Iran regime drums up its own crowds to oppose Green Movement
On Wednesday, the Islamic Republic of Iran organized national demonstrations and struck out at reformist supporters of the Green Movement. On Sunday, protests against the government turned violent, killing at least 37 people during the key religious holiday of Ashura.
On Wednesday, the Islamic Republic of Iran reacted to last Sunday’s violent demonstrations by marshaling supporters in countrywide demonstrations and launching a media offensive against the opposition Green Movement.Skip to next paragraph
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At least 37 people were killed Sunday on the deadliest day of rioting since June’s disputed presidential election, which saw hard-line President Mahmoud Ahmadinejad returned to office amid widespread elections of fraud. For the first time, demonstrators switched from nonviolent tactics to engage the police with stones and batons. In response, the police fired tear-gas and bullets.
Government-funded newspapers lashed out Wednesday at the thousands of demonstrators who fought running battles with security forces during Shiite Islam’s major festival, labeling them “apostates” and calling for their “arrest and execution."
“Hossein’s Intifadah: So many troops came out for the love of the Leader,” trumpeted the pro-Ahmadinejad Raja News agency. “The people spontaneously roar: 'Don’t give protection to the leaders of the discord,' ” was the front-page cover of Kayhan, a newspaper that acts as a mouthpiece for the Islamic Republic.
On Wednesday, state television showed clips of pro-government crowds demonstrating against the opposition movement in cities around Iran. “Mass mobilization is always a very useful tactic used by revolutionary ideological governments, and these guys are good at it,” said Farid Mirbagheri, chairman of Middle Eastern Studies at the University of Nicosia in Cyprus.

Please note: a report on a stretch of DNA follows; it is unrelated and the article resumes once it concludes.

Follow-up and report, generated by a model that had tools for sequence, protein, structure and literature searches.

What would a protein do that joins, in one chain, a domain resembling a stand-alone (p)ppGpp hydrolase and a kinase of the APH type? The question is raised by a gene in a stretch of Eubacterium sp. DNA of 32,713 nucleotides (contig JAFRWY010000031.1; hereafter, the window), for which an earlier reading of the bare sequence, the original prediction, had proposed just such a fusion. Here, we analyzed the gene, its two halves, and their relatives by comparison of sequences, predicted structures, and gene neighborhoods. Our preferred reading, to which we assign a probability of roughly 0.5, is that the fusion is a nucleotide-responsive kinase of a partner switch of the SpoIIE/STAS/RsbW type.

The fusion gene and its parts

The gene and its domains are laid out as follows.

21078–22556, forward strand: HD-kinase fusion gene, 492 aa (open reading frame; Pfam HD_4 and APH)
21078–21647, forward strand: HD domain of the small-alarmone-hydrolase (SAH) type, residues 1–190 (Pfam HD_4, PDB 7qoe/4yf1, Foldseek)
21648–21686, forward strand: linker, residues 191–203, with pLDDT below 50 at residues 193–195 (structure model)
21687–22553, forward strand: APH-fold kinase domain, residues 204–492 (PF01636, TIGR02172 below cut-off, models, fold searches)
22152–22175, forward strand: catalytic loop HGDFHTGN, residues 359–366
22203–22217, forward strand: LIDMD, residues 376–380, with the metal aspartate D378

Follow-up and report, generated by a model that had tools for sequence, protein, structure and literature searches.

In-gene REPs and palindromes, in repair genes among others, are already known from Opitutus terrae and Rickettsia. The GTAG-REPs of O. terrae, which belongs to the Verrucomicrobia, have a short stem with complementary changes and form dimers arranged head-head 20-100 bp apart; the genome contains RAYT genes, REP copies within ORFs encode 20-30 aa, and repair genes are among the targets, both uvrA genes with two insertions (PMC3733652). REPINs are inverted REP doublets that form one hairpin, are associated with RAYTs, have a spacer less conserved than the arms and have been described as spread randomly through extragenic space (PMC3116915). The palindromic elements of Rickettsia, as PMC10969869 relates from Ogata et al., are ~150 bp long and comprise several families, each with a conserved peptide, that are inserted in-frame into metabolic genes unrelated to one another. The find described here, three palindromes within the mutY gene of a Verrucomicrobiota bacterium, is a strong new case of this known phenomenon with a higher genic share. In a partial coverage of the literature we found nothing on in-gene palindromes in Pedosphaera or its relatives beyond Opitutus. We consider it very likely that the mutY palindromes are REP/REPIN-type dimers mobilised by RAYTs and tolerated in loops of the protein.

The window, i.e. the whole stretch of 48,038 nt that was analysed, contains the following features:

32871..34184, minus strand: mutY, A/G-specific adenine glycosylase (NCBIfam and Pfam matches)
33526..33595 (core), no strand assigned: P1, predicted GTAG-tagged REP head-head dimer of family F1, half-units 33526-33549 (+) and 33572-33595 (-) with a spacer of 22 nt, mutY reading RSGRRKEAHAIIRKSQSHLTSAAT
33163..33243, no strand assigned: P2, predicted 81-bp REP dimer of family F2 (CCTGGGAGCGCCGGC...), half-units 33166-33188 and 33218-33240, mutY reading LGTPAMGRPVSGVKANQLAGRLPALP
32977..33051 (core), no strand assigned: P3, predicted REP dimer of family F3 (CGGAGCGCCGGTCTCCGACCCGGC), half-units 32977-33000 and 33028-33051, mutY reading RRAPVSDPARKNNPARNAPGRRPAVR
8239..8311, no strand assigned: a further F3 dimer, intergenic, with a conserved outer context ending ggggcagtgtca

Police chief Ismail Ahmadi-Moghadam called a press conference to deny claims of official heavyhandedness against protesters either in Sunday’s violence or in the wave of arrests that followed. Among the allegations was a charge that the nephew of defeated presidential candidate and leading Green Movement figure Mir Hossein Mousavi was murdered on government orders.
“No police force in the world would tolerate rioters attacking a police commander, destroying religious shrines, and insulting religious values by burning flags of mourning,” Mr. Ahmadi-Moghadam said in an emotional press conference.
The government’s counterstrike has included arresting more than 1,000 people, mostly in highly populated urban centers of dissent like Tehran, Esfahan, and Mashhad. Human rights activists in Iran are describing cramped prison conditions and a deterioration in police behavior toward detainees. Police chief Ahmadi Moghadam vowed that the police would no longer display “restraint."
After the first wave of political arrests, following the election, credible charges were made from a number of quarters about the use of torture in detention centers.
The regime turned to allied religious scholars to shore up its legitimacy. The conservative right-wing Resalat newspaper carried on its front page the reaction of five grand ayatollahs condemning the “sacrilege perpetrated against Ashura.” Several important religious authorities have remained silent since the summer elections, withholding the blessing they traditionally bestow.